From USA Today:
DC Comics’ newest comic book stars the few, the proud and the undead.
Star-Spangled War Stories Featuring G.I. Zombie revives the long-running military-tinged anthology series with a soldier who’s pretty much dead but has been serving the government in secrecy for many years and many American wars.
Batwing writing team Jimmy Palmiotti and Justin Gray and artist Scott Hampton pair Jared Kabe with another military type, Carmen King, a woman who’s done two tours of duty but is suffering from post-traumatic stress disorder. Her bosses think it’d be good for her to partner with Jared, and they focus their energies on anti-government militias in the USA as well as the beginning stages of a full-fledged zombie apocalypse.
G.I. Zombie is a “very good warrior, he’s a pretty decent guy, but he also has an appetite that’s not really healthy — and visually disgusting,” says Palmiotti, who describes the series as a mash-up of The Walking Dead, old Sgt. Rock comics and HBO’s True Detective.
“The surprising thing is you’ll get to really like these characters right away, and when the disturbing stuff happens, you might feel like, ‘Well, you know, that’s what he’s gotta do.’ And you’ll tag along for the ride.”
In the first issue (out Wednesday), Jared and Carmen are sent on an undercover mission by their handler/cleanup man Abel Anderson — codename Gravedigger — to infiltrate a militia that has gotten its hands on a chemical weapon called Black Ice, which can destroy towns and cities in a matter of hours.
The militia has genocide on its mind because its members are not really happy with where America is going, and the heroes’ secret branch of the government has to cover up this domestic terror that’s happening in the main DC Universe.
The members of this nefarious group are “regular people who are just getting swept up in the idea that they can make a big difference, and like a cult or anything like that, it comes down to one or two people pulling the strings to make things happen,” Palmiotti says.
“It’s basically up to G.I. Zombie and Carmen and Gravedigger to go in there and break it up or control the uncontrollable, and that’s what the series is about.”
Jared and Carmen are thrown into the new mission without getting to know one another, and though their relationship grows with each issue, she’s majorly freaked out working with a walking, functioning deceased guy.
“Every time they get a break, she’s asking him a thousand questions, which is pretty funny because it’s what you and I would do,” Palmiotti says. “We’d be sitting there like, ‘What do you eat? What do you do? Do you go to the bathroom? How long have you been alive?’ All that kind of stuff.
“They’re figuring out each other, but at the same time they have a mission in front of them, and the mission is everything to them.”
The “Five Years Later” issue in September shows an undead apocalypse veering out of control in the future — what Jared has in him is part of what starts happening in the world around him, according to Palmiotti.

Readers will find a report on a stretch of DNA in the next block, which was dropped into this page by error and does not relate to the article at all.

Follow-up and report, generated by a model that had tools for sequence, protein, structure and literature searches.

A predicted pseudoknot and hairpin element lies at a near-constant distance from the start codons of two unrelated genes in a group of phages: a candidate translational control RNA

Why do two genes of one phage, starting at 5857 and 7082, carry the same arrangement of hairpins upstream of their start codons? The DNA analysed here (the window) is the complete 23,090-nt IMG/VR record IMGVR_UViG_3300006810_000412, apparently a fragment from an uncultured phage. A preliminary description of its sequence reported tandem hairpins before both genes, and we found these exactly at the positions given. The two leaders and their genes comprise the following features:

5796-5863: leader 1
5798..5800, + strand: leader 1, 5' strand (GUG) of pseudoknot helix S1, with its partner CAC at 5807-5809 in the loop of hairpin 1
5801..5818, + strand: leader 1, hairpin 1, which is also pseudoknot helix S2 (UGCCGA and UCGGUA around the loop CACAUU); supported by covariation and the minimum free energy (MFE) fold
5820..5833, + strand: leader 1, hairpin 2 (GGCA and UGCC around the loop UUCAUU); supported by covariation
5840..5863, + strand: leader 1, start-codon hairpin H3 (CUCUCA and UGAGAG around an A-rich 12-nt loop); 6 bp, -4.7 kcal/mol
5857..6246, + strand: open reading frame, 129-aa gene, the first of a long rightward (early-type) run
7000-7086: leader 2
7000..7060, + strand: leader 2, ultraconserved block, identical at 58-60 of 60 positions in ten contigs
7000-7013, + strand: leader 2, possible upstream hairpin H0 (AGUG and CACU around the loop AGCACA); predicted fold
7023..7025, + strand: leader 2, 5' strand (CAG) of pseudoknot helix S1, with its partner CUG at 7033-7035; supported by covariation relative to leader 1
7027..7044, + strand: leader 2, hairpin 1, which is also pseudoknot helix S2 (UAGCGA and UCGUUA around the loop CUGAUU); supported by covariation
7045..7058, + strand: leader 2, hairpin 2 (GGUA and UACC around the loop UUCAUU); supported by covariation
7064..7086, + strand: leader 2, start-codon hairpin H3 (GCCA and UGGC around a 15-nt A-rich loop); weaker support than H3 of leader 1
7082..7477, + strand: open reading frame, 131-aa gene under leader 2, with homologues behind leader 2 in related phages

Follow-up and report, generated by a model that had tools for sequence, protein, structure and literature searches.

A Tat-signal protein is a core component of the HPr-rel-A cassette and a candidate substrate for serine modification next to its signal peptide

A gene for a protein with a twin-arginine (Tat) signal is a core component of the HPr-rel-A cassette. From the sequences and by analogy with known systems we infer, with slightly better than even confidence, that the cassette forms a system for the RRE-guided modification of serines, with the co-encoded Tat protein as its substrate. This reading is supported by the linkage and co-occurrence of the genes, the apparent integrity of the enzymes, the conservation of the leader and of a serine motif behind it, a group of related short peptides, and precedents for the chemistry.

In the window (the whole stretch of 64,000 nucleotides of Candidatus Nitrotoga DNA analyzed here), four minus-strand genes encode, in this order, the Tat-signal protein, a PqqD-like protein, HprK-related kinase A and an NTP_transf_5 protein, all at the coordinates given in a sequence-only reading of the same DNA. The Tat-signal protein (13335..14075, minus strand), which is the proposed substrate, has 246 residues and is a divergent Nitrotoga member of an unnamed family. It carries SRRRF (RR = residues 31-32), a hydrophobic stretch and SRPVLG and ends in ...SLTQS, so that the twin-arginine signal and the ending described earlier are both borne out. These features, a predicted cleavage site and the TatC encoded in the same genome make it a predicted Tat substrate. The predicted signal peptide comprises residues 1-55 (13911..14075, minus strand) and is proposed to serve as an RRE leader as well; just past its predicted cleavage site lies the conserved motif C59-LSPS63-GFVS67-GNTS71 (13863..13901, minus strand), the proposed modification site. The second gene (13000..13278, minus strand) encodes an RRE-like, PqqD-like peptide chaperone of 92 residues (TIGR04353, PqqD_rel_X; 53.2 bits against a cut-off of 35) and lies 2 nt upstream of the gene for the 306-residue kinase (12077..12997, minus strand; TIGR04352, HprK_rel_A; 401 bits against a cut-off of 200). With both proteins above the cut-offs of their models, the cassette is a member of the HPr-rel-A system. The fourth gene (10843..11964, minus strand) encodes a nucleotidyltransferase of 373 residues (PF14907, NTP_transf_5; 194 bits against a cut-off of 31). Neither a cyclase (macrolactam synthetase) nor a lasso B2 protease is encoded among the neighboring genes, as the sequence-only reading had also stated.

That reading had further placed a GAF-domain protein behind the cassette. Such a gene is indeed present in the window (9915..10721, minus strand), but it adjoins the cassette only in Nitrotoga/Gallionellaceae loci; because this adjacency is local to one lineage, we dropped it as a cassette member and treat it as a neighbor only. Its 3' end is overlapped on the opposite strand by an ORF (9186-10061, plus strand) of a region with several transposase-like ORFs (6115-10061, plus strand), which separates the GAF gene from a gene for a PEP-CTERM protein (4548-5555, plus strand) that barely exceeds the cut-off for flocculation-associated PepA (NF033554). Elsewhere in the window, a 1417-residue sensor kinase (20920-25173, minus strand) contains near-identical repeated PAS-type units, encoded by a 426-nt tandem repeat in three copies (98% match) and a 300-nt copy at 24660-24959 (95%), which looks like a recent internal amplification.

Readers will get peeks of the pre-zombified Jared’s life as the story progresses, and at the half-year point, the writers want to show the events that led to his undead state of being.
“The thing about him is he has a sense of humor, he kind of knows where he is in the world and he understands it,” Palmiotti says. “He throws himself into stuations and he knows that no matter what, unless they cut his head off and bury it like eight miles away, he’s going to be able to pretty much take a good beating.”
Jared’s personality is far beyond the “Rrrrragh! Brains!” motif of many pop-culture zombies, yet there is that problem of the unhealthy appetite. Palmiotti reveals that he deals with it like somebody who’s hooked on drugs sneaks away and takes a hit: Jared doesn’t want to weird out his partner, but he also is faced with a ravenous hankerings for a living meal.
“He’s got this little monkey on his back saying, ‘What you do is horrible but you want to stay alive.’ He’s a perfect example of what somebody will do to survive, and the reason he is a warrior is because of his past,” Palmiotti explains. “As the series goes, it gets a little more twisted and of course Carmen figures out what’s going on and they have to work together with this problem.”
Plus, he adds, “she has her own demons with the stress disorder trying to have a normal life.”
Star-Spangled War Stories reboots a title that ran from the 1950s to the late ’70s, when Palmiotti was a kid going to the cinema to watch the dark and over-the-top films of the day.
He and Gray are known for their modern takes on oddball characters in comic lore such as Jonah Hex and the Unknown Soldier, and with G.I. Zombie, Palmiotti saw a way to tie into the global strife and madness one watches unfold during a full day of cable news.
“We have this belief that the people in charge know how to take care of everything,” he says. “As you get older, you realize, well, that’s not true. Your doctor’s guessing, your accountant’s guessing, the pilot is winging it so to speak, the cook is trying out something new.
“When we write this kind of material, we like to rely on the real-world stuff going on a lot because it is scary, and part of the charm of that is giving hope — that there’s heroes out there who actually knows what’s going on and they’re gonna save the day.”